Low purity and scarcity is driving down the popularity of ecstasy among regular users but more are using new synthetic party drugs such as BZP and mephedrone, according to a new report.
An annual survey of 700 ecstasy users published by the University of NSW’s by the National Drug and Alcohol Research Centre found that the number using the “hug drug” weekly had halved since 2005.
However, the researchers noted the emergence of new synthetic drugs that could be bought on the internet.
Use of designer drugs like the central nervous system stimulant BZP is not yet widespread in the general Australian population. However, around a quarter of ecstasy users in Western Australia reported trying it.
“In our 2010 survey, 16% of users reported recent use of mephedrone, a synthetic stimulant closely related to amphetamines but with hallucinogenic properties,” said researcher Dr Lucy Burns.
Mephedrone use was reported in significant numbers for the first time among those surveyed in Victoria (28 reports) and Tasmania (42 reports).
Survey respondents also reported using DMT (an LSD-like hallucinogen), DOI (Death on Impact) and other psychedelic phenethylamines such as 2CI, 2CB and 2CE, the report found.
More than half of those surveyed reported low or very low ecstasy purity in 2010, compared with just 9% in 2005, with many pills containing no traces of the drug’s active ingredient, MDMA.
Just over a quarter of respondents said ecstasy was difficult to source, up from 13% in 2009.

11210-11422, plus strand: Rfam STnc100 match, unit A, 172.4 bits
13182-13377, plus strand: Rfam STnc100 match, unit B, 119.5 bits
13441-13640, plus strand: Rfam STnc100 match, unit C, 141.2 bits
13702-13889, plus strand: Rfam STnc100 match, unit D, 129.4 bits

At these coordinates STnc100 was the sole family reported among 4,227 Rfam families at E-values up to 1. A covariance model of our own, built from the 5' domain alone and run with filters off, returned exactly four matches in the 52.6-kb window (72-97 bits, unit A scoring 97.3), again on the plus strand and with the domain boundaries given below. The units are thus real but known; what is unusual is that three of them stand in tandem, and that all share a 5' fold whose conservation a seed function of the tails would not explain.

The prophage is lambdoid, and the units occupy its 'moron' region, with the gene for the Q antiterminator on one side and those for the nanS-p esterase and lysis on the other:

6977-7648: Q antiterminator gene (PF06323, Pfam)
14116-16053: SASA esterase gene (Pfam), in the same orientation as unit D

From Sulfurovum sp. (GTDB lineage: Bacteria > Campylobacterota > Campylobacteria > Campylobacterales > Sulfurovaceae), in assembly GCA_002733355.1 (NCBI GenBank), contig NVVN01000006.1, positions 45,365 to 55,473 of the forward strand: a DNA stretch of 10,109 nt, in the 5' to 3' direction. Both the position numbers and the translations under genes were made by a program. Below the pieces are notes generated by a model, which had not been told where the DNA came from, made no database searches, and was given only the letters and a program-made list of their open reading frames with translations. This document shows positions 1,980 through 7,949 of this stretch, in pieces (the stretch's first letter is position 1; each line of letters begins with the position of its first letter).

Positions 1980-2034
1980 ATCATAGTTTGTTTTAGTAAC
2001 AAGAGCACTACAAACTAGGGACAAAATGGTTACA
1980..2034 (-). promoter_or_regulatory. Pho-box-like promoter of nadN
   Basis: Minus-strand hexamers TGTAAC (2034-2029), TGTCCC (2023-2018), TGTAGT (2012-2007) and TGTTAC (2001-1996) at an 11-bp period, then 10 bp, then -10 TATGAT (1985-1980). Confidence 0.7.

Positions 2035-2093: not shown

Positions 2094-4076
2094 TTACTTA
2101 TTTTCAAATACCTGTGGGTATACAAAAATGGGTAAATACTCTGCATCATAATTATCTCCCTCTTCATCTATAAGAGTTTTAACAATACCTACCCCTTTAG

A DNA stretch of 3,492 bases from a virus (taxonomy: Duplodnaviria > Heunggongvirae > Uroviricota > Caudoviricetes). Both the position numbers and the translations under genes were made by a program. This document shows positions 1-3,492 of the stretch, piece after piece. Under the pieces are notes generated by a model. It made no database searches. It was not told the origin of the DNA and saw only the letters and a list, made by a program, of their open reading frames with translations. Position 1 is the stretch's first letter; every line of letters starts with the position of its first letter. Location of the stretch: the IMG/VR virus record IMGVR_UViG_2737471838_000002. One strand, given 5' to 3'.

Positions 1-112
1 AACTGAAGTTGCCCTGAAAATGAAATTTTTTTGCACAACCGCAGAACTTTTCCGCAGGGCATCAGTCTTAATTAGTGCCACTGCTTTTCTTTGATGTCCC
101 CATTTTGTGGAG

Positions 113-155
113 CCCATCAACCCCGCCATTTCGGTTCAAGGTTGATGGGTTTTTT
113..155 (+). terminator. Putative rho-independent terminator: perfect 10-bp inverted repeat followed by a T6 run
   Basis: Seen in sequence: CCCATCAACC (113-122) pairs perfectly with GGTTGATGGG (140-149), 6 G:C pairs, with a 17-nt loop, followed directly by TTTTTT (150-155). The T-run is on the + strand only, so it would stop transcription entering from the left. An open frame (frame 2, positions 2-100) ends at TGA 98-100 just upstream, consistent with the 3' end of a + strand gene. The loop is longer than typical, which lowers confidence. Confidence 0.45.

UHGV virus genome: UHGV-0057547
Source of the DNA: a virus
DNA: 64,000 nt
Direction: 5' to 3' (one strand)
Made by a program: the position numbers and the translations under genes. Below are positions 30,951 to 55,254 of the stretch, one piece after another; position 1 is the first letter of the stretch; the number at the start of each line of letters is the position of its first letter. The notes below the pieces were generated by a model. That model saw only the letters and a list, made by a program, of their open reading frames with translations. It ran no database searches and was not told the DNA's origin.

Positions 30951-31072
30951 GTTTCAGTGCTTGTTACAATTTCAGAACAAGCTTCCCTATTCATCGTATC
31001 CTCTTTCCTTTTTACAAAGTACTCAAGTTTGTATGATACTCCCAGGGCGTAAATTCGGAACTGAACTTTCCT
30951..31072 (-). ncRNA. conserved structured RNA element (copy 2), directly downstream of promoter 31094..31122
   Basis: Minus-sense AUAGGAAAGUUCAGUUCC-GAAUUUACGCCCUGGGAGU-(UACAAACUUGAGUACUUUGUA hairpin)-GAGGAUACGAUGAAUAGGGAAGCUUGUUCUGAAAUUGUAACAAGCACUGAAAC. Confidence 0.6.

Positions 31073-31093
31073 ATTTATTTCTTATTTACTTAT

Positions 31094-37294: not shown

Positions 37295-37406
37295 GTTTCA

Among the general Australian population (National Drug Strategy Household Survey) ecstasy used increased only 0.1% between 2004 and 2007 compared with 2.3% between 1995 and 1998.
Professor Rod Irvine, a recreational drugs researcher from the University of Adelaide, said his own research also found that MDMA use was on the wane.
“But my prediction is that it will bounce back,” he told The Conversation, adding that the range of synthetic drugs available was constantly changing.
“Certainly we need expert chemists and pharmacologists reviewing the situation if we are to reduce the risk of untoward health effects from novel new drugs,” he said.
Professor Steve Allsop, the director of Curtin University’s National Drug Research Institute said that any efforts to educate people about the risks of designer drugs should be targeted.
“We do not want to inadvertently promote such drugs to people who might otherwise have been unaware of them,” he said.
“I think we educate people about the risks we know about, focus on the particular risks of modes of use and target our interventions to specific groups and locations, such as young people at night clubs, where we might think there is a specific risk, without inciting interest where none previously existed.”